Post by Blog Manager Robbi Hess
The longer you blog, the more lessons you will learn — I speak of this from hard-knocks experience. Some of those pet blogging lessons have been great and heartwarming while others have had me wanting to run away from the computer and never pen another word for public consumption. Yet, here I am and here I will remain.
Here, though are seven pet blogging lessons to take to heart (if you’re so inclined) that I have learned over my years of blogging:
- You cannot please all the people all the time. You hope that when you write a blog post people will throw roses in your wake but sometimes they will toss rotten tomatoes. You need to have a thick skin (and yes, I still struggle with this at times) and realize you can’t please everyone. If someone leaves a snarky comment for you, it’s up to you how you will want to respond. I suggest a very bland, “Thank you for sharing your thoughts” but for others you may want to duke it out with the commenter — personal preference.
- Be honest. Your readers are very savvy and will know if you’re trying to pull something over on them. Also, FCC rules state that you must be honest in your dealings especially if you are reviewing a product or running a contest. Truly though, don’t sell out for a product. If you would never use XYZ product then don’t write a favorable review about it. If there is a breed of dog or a species of animal that you would never own or can’t find anything good to write about it, then don’t. If you do write a glowing post about a breed or species that your close friends know you don’t harbor warm feelings for, you are not being honest to them or yourself — it’s a bad practice.
- Be open. While I don’t typically go around talking about how I am a breast cancer survivor, I have blogged about it and if it makes sense in a post I will mention it. I am not going to hide that part of my life — it is now part of who I am and it changed how I look at the world and I am willing to be vulnerable and talk about it. You don’t need to tell your readers about every knock down drag out you have with the boss, but you can give them a glimpse of your emotions. After all, they read your posts because they like what you impart and part of that is your personality. Let it shine.
- Being a pet blogger gives you a community. Blogging brings people of the same persuasion together. Cat lovers and dog lovers and guinea pig lovers, etc. can all have a voice and connect with one another. You can share your joys and your sorrows. You can go to your community and ask for help or advice on something that may be happening with your pet that you simply can’t figure out. You build a community through your blogging as well as your social media efforts and connections.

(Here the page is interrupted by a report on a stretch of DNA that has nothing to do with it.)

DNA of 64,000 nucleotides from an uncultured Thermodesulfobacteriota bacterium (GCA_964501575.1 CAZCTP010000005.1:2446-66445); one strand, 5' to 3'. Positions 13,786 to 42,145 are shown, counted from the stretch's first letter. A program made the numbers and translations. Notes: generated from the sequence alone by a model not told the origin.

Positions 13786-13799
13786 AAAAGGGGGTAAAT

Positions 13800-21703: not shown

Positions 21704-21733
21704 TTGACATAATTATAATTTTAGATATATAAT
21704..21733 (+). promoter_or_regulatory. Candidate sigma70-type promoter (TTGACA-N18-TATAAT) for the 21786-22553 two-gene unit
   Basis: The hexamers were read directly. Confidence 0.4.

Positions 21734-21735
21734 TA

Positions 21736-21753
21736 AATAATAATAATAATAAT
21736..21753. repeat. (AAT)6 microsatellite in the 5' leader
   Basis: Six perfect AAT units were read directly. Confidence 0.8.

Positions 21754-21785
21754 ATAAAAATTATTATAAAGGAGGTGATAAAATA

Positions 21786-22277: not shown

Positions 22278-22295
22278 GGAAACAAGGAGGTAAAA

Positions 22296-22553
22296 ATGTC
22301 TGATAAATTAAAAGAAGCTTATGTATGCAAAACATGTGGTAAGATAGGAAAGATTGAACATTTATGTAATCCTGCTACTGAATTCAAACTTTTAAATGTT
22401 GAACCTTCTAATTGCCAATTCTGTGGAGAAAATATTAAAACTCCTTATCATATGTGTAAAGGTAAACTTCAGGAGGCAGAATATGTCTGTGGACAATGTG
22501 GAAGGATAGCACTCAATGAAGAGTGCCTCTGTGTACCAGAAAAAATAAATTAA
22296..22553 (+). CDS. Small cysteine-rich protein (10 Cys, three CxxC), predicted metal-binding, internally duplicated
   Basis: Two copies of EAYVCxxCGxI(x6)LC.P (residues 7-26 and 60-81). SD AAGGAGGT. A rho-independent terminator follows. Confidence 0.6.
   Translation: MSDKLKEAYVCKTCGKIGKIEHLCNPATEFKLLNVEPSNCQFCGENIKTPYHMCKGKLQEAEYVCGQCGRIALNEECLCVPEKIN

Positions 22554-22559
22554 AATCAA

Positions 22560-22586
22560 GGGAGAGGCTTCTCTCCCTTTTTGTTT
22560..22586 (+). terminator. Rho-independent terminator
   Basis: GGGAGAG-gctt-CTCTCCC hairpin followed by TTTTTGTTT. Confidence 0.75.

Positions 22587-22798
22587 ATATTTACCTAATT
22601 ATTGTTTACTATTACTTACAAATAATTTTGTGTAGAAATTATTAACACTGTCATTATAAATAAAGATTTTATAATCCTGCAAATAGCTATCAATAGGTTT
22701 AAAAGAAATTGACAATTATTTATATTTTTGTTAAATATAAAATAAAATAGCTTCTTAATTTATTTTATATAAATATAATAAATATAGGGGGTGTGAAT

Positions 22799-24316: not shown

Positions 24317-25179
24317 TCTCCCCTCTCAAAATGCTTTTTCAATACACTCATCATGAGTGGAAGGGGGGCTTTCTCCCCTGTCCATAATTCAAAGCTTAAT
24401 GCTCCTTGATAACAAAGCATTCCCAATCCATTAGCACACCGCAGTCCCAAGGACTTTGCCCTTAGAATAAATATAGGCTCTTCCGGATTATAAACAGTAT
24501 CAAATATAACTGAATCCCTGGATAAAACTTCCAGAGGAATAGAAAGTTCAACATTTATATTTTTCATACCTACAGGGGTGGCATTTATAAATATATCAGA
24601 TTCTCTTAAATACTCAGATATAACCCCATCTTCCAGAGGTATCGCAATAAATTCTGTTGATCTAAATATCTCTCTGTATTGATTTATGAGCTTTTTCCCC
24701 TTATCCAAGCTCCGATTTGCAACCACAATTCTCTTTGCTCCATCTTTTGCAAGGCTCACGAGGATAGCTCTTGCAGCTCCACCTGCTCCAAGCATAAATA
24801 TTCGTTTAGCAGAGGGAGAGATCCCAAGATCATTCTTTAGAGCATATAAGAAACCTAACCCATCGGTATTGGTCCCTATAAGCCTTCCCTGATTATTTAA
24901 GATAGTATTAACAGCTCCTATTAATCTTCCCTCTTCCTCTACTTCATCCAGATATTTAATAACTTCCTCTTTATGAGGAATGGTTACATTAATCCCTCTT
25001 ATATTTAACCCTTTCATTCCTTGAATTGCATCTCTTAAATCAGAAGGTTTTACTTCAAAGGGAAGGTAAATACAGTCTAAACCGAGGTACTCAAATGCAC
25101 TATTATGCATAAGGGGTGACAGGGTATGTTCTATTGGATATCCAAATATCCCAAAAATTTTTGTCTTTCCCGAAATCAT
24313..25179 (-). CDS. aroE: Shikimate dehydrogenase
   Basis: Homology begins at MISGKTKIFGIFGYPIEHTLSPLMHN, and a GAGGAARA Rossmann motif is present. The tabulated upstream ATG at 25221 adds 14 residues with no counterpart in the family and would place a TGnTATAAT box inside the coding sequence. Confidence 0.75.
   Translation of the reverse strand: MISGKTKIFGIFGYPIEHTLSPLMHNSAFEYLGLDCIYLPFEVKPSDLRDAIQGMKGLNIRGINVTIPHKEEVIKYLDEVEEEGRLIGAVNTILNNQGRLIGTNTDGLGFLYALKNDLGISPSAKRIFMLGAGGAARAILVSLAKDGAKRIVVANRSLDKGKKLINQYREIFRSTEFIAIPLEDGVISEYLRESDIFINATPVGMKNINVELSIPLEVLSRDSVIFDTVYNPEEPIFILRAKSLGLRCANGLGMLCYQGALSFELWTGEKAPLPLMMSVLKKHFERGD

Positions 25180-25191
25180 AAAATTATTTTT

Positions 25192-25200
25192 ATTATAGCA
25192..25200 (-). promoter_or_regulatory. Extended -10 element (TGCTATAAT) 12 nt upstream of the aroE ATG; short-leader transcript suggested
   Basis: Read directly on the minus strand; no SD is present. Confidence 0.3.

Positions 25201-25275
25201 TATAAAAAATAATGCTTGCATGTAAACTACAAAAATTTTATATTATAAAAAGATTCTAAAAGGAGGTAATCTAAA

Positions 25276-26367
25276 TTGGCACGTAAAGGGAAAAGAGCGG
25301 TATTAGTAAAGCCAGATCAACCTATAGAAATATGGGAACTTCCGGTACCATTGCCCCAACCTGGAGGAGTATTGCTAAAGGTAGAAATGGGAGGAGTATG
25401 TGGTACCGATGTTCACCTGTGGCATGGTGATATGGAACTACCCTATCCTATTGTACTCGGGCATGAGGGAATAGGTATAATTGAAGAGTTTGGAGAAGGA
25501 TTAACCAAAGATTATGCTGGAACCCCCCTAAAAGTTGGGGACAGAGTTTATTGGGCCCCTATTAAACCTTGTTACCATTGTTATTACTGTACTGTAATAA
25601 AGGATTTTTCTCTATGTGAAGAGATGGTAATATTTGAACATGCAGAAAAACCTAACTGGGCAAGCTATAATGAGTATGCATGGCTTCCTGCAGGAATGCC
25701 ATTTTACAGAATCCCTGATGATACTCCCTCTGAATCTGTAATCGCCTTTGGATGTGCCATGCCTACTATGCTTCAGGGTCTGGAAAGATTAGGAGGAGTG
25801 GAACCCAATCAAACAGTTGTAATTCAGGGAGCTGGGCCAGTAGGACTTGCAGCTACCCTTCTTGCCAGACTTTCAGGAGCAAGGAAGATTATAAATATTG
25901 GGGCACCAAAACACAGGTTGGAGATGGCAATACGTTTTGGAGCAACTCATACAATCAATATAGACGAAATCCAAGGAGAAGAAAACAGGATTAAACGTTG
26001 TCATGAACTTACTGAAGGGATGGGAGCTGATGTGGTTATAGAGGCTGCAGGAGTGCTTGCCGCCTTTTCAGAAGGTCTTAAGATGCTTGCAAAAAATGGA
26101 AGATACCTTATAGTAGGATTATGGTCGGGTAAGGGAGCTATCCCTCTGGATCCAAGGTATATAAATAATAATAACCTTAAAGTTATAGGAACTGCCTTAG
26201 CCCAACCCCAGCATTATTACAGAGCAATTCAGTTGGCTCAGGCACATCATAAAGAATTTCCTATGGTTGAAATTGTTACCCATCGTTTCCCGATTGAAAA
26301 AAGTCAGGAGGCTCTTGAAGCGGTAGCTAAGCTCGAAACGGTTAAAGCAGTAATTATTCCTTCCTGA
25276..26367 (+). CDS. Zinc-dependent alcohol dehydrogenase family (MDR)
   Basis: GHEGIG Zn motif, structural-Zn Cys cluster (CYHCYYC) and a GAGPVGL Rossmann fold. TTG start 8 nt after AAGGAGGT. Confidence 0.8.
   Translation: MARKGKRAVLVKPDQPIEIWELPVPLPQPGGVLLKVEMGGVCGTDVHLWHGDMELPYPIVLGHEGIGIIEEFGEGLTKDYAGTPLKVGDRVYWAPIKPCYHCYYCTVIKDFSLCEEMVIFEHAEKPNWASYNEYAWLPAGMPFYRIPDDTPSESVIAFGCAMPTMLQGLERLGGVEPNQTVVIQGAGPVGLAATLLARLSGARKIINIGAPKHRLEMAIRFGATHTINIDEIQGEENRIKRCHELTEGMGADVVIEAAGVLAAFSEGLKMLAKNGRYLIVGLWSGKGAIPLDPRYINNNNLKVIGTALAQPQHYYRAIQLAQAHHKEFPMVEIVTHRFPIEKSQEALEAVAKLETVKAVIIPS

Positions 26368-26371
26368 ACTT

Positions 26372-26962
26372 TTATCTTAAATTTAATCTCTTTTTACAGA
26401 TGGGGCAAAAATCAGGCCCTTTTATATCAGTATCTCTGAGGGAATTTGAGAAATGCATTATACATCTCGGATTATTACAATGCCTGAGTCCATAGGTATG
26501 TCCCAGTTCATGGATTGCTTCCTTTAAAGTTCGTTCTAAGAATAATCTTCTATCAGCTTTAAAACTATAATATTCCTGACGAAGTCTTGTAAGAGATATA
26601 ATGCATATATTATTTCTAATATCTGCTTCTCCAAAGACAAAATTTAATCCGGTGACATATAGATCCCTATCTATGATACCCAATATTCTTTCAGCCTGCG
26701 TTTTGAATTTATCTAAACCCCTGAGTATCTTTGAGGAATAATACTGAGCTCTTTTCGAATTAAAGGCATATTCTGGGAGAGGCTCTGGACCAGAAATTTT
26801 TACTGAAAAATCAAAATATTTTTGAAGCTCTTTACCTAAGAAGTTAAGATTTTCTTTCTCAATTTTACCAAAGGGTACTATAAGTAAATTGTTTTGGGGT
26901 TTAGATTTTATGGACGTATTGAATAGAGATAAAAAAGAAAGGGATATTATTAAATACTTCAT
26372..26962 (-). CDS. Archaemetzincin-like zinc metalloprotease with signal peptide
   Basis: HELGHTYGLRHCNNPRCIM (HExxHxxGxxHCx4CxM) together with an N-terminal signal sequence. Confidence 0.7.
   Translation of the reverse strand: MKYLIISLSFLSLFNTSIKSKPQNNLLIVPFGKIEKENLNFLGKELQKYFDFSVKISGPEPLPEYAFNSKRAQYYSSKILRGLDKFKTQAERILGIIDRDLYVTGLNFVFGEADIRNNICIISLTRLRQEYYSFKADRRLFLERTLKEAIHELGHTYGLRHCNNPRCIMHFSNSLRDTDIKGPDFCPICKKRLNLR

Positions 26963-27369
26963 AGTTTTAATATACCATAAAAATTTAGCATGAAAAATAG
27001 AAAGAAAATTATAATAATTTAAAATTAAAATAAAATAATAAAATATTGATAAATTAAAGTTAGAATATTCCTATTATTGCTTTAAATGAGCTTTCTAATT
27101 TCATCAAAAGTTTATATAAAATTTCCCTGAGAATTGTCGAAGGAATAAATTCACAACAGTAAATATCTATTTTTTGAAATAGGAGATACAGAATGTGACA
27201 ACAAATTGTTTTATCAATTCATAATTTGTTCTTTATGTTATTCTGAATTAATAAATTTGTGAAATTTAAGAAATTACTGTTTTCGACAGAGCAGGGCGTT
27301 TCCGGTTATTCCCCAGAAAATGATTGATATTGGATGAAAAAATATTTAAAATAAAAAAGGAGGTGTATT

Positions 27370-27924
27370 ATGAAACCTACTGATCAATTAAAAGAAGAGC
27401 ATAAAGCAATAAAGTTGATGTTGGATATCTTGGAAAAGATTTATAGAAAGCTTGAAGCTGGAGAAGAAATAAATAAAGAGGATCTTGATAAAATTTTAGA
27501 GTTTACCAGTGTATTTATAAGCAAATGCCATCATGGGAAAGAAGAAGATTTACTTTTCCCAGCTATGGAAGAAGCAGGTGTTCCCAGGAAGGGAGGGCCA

- Free stuff isn’t always free. While it’s nice to get a book to review or a new product to try on my pets, I don’t say yes to everything. For example, if someone offers food for small dogs, I typically have to turn that down because Henrietta, the diva poodle, cannot tolerate changes in her food. A switching of her food means I will be spending countless dollars in paper towels to clean up vomit and poo. Free is not worth my dog’s health. If I am offered a book to review, I will say yes if it makes sense for the areas of expertise in which I am trying to establish myself. If someone offered me a book on “hair salons” for example, I’d say no because the only thing I know about hair salons is that I love my own personal hair dresser.
- If all of your friends jumped off the bridge, would you? My mom used to ask this question when I wanted to follow the crowd. Sometimes the answer was yes, other times it was a no. What does this mean for the pet blogger? Just because everyone is working with XYZ designer for a new site, doesn’t mean you have to if you still love your site. It means you don’t have to toss out your blog’s focus to chase after the latest trend in pet industry news. Be who you are and don’t follow the crowd. Be unique and grow your niche.
- Never stop learning. My family understands that I “know it all” but my pet blog readers appreciate that I am still learning. As a pet blogger and pet business owner you need to be continually learning. You need to budget to attend pet blog conference where you can keep up with best practices in the industry and where you can network with others in your field. If you learn new things that fit in with what you blog about, then by all means share it. If you earn an accreditation or a degree, by all means share that on your site; this is especially helpful if that degree or accreditation enhances what you currently do. Don’t fall into the “but that’s how we’ve always done it” mindset.
What lessons have you learned during the course of your blogging career? I’d love to know!
(Photo Shutterstock: St. Bernard and cat on computer)
(Photo Shutterstock: Cat on computer)